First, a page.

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Greek and Roman mythosComments

Greek and Roman mythos

The ancient Greeks worshipped many gods, each with a distinct personality and domain.Myths explained divine nature and the gods’ relationship to mankind. Representations of myths were popular in the art of Archaic and Classical Greece where an iconography of attributes was established to identify each deity.

Twelves deities were of primary importance.

Foremost were Zeus, the sky god and father of the gods, to whom the ox and the oak tree were sacred; and his two brothers, who reigned over the underworld and the sea, respectively. “Cow-eyed” Hera, Zeus’ sister and wife, were queen of the gods; she is frequently depicted wearing a tall crown, or polos. Wise Athena, the patron goddess of Athens, who typically appears in full armor with snaky aegis (protective bib), helmet, and spear, was also the patroness of weaving and carpentry. Youthful Apollo, often represented with a kithara (lyre), or a bow, must have been one of the most important gods, judging from his many cult sites. His sanctuary at Delphi, where Greeks came to ask questions of the oracle, was considered the center of the universe. Apollo’s sister, Artemis, was the patroness of hunting. Hermes, with his winged sandals and elaborate herald’s staff, the caduceus, was the messenger of the gods.

Other important deities were Aphrodite, the goddess of love, Dionysos, the god of wine and the theater, Ares, the god of war, and Hephaistos, the crippled god of craftsmanship. Mount Olympos, the highest in mainland Greece, was believed to be the home of the gods.

Worship took place in sanctuaries located, according to the nature of the particular god, either within the city or in the countryside.

Sanctuaries were well-defined sacred spaces set apart usually by a temenos, or enclosure wall. Inside, they typically contained an altar in front of a temple, the house of the god, with a cult image. Ancient Greek religious practice, essentially conservative in nature, was based on time-honored traditions, often rooted in the Bronze Age (3000 – 1050 BC) and earlier.

No single guiding work of scripture like the Jewish Torah, Christian Bible, or Muslim Qur’an existed for the ancient Greeks. Nor did they have a strictly priestly caste.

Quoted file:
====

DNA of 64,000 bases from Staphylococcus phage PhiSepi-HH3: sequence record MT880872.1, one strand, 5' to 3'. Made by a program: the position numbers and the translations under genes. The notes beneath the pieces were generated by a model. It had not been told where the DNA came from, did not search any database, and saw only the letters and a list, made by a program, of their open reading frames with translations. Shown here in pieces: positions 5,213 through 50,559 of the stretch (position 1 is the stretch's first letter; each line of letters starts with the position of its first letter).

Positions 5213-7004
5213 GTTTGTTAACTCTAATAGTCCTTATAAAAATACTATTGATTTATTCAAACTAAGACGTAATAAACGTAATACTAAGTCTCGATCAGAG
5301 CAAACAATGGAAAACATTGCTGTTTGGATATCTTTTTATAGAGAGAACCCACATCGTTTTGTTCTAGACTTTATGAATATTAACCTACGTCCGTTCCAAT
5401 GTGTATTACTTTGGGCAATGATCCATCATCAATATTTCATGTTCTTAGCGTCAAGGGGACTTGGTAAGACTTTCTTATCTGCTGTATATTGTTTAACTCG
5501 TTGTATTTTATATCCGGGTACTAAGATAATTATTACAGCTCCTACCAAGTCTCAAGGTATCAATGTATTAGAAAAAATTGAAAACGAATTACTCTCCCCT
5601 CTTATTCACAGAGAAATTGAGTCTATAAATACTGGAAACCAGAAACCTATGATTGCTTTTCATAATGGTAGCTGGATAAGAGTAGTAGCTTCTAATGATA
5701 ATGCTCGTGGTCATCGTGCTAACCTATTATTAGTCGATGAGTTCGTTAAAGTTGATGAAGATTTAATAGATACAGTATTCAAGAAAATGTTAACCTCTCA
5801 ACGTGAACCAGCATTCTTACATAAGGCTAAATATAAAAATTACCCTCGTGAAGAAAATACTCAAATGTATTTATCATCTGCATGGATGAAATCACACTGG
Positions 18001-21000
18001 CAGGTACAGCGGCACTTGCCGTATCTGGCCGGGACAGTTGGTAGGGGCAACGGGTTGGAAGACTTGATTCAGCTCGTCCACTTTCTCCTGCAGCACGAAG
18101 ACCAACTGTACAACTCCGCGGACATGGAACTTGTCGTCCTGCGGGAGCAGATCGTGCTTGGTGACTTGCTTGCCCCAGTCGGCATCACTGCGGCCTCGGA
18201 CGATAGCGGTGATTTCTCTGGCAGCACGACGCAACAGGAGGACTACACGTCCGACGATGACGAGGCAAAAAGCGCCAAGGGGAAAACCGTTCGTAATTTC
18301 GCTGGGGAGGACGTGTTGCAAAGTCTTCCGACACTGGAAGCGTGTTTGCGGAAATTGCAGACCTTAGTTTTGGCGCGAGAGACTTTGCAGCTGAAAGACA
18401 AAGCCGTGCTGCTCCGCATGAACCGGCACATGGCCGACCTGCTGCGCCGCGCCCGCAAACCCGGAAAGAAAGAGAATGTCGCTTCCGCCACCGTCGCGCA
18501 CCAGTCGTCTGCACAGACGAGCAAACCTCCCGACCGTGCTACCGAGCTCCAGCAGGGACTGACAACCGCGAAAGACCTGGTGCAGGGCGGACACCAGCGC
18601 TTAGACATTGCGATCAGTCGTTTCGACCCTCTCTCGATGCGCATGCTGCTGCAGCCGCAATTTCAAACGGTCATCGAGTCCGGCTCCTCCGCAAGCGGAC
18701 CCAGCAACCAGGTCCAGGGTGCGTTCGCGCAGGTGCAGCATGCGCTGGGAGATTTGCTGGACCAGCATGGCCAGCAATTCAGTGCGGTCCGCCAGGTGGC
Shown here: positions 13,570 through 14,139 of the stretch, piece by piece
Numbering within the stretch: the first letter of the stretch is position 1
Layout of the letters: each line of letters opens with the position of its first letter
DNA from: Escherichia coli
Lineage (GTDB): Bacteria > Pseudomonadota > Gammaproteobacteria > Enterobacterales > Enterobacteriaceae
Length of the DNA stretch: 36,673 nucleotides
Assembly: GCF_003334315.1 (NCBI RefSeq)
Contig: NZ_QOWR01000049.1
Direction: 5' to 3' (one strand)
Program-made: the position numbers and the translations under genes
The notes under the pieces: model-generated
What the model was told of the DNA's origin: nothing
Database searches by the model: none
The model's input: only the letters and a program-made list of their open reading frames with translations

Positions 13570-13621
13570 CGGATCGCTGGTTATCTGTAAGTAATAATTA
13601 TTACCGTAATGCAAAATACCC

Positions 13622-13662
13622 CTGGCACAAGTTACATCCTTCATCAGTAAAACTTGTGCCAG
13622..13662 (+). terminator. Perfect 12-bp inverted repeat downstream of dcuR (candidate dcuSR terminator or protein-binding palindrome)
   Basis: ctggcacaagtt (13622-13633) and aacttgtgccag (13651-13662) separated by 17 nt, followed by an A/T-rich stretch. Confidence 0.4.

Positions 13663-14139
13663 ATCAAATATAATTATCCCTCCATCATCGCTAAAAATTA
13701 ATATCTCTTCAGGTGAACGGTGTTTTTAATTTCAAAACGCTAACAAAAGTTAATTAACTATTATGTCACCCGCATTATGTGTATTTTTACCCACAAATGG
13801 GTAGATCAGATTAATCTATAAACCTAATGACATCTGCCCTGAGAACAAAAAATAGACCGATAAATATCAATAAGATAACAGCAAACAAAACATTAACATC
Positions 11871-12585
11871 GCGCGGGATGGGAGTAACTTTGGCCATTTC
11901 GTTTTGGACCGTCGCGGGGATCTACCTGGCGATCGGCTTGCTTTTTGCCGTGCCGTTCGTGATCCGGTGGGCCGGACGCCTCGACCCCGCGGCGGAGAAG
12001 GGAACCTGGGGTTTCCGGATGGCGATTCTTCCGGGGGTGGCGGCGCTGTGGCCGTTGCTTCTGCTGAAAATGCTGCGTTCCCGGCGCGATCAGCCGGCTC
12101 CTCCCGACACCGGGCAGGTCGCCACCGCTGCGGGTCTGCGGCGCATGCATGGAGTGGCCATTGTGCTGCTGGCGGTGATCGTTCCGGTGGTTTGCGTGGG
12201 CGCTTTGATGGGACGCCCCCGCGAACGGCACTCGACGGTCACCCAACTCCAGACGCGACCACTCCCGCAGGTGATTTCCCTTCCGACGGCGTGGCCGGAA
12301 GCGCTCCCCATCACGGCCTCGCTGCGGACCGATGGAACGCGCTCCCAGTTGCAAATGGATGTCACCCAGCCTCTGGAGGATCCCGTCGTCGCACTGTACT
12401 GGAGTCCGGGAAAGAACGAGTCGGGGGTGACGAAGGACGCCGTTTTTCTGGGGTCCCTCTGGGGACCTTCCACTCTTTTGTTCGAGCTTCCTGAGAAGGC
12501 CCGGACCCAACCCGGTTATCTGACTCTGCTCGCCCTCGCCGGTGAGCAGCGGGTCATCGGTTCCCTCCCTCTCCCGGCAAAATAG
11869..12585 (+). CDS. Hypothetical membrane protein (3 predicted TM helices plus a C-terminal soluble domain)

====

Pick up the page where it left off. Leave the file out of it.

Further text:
The relationship between humans and gods was based on the concept of exchange. The gods were expected to answer prayers, and the humans to give gifts. Votive gifts, which have been excavated from sanctuaries in the thousands, were a physical expression of thanks on the part of the individual worshippers. The central ritual act in ancient Greek religion was animal sacrifice, especially of oxen, goats, and sheep. Sacrifices took place within the sanctuary, usually at the altar, before the temple. Religious festivals, literally feast days, filled the year.

The four most famous festivals, each with its own procession, athletic competitions, and sacrifices, were held every four years at Olympia, Delphi, Nemea, and Isthmia. These Panhellenic festivals were attended by people from all over the Greek-speaking world. Many other festivals were celebrated locally. There were also secret mystery cults in which only initiates could participate.

The Romans had many gods. Some were worshipped all over the Roman world, while others were regionally worshipped. Households also had their own gods.

People used charms and amulets as magical protection. Gods were worshipped in a variety of places, from huge temples with a complex of buildings, gardens and even shops to simple groves or small wayward shrines. Many families had their own lararium, a household shrine for private ceremonies such as the burning of incense or giving of offerings. Shrines were located in the house or garden and held figures of protective deities.

Romans commonly dedicated votive offerings at temples.

These could be small figures of the gods or associated items. People also presented inscriptions and altars announcing that their vows had been honored. They cursed their enemies on lead tablets nailed up at the temple or tossed down wells. At healing shrines, models of parts of the body were dedicated by people seeking a cure for an injury or ailment, or as thanks if they had been cured.